Illustration of a North Korean detention facility. Illustration=DALL.E (AI Image Creator)

The North Korean authorities keep men and women serving life sentences in the Hamhung and Kaechon concentration camps in separate quarters in accordance with the country’s corrections law.

In 2020, at the beginning of the pandemic, the women serving life sentences in Kaechon Prison Camp had to focus on producing export goods such as knitwear, wigs and false eyelashes, even though they were suffering from hunger and illness.

The workshop of the prison camp urged the women inmates to use up all the materials they had received before North Korea closed the national border because of COVID-19. Even the women who were quarantined in the infirmary because of tuberculosis or malnutrition were forced to work.

Since the import of materials had been suspended for almost two years, the women in the Kaechon prison camp were no longer able to produce the export goods that had been their main form of punitive labor. Instead, they were subjected to brutal physical and mental torture.

Concluding that the female prisoners should not be left to their own devices, the prison administration made them get up at 6 AM every day to memorize the deeds of the North Korean leaders and the prison rules and regulations, and ordered them to perform various tasks such as cleaning the inside and outside of the prison buildings and cells, running laps in the yard, loading and unloading trucks and carrying water.

After the announcement of the end of COVID-19 measures in August 2022, Kaechon Prison Camp received permission from the Bureau of Corrections under the Ministry of Social Security to import the materials needed to resume the production of export goods. As a result, female prisoners had to work 16 hours a day, dividing their time between their cells and the workshop. Day and night, they worked endless shifts amid the whine of the machines, unable to stop even when their fingers became calloused, cracked, and oozed bloody pus.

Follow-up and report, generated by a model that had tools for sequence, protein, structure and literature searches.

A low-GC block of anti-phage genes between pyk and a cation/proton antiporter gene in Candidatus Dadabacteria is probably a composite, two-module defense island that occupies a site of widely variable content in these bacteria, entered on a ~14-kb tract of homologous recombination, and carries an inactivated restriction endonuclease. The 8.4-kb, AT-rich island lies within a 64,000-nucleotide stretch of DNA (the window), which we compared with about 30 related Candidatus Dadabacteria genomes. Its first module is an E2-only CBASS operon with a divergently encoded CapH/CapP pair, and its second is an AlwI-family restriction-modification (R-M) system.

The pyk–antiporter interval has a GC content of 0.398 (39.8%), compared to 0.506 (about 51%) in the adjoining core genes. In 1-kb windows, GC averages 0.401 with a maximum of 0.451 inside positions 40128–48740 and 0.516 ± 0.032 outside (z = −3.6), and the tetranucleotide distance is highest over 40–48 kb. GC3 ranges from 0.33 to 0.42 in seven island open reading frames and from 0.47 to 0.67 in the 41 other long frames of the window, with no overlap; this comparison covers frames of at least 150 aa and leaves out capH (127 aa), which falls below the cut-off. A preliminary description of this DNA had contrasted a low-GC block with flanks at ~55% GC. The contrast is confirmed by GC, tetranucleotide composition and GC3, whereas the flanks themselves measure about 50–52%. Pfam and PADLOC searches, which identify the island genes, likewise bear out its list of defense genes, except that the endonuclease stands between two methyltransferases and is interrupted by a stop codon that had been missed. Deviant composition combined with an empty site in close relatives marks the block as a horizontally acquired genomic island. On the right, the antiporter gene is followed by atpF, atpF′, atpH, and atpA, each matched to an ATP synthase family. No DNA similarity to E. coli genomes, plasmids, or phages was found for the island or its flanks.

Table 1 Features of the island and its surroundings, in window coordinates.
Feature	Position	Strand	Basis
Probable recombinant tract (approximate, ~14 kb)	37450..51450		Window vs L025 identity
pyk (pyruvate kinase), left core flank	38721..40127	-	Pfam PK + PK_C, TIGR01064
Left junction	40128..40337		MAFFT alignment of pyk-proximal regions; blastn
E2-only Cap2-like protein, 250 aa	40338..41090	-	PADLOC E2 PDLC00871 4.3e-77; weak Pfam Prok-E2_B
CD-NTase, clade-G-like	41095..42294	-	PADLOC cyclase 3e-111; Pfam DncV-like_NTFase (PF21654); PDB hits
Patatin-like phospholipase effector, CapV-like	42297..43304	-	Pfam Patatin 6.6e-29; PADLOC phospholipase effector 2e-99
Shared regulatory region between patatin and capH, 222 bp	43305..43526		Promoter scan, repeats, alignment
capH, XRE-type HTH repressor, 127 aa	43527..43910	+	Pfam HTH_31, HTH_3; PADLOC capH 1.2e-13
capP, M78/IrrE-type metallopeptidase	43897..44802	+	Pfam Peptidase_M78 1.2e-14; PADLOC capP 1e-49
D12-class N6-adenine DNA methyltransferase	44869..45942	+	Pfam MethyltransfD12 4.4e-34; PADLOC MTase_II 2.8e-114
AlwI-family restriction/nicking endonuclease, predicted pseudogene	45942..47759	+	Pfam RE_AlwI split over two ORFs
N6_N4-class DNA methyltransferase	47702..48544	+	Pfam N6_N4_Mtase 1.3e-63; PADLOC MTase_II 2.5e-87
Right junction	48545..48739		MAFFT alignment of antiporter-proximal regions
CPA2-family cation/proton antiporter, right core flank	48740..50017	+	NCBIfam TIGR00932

Forced to endure punishingly long workdays in horrific conditions, the women’s health deteriorated, but Kaechon Prison Camp did not provide them with proper breaks or medical treatment because of their status as lifers.

Between early 2020 and August 2022, there were approximately 40 deaths among the 500 or so female inmates serving life sentences at the camp.

Life was bleak for the inmates, who faced the prospect of dragging their ailing bodies to work nonstop for the rest of their lives. On top of that, they had to work non-stop just to survive under a rigorous system of management and supervision that would throw them into solitary confinement for the most trivial of mistakes.

The prison administration only cared about the inmates’ production and flagrantly violated their human rights. They were denied the right to a decent life. The export goods produced in the camp were the grim fruits of those brutal human rights violations.

Even now, these knitted goods, wigs and false eyelashes are exported to China, where they are given final processing by one or two other companies and then posted on Internet platforms for sale around the world.

How many of these buyers realize that they are ordering the products of the blood, sweat, and tears of North Korean women serving life sentences and forced to work 16 hours straight in dank prison rooms filled with the hum of machines?

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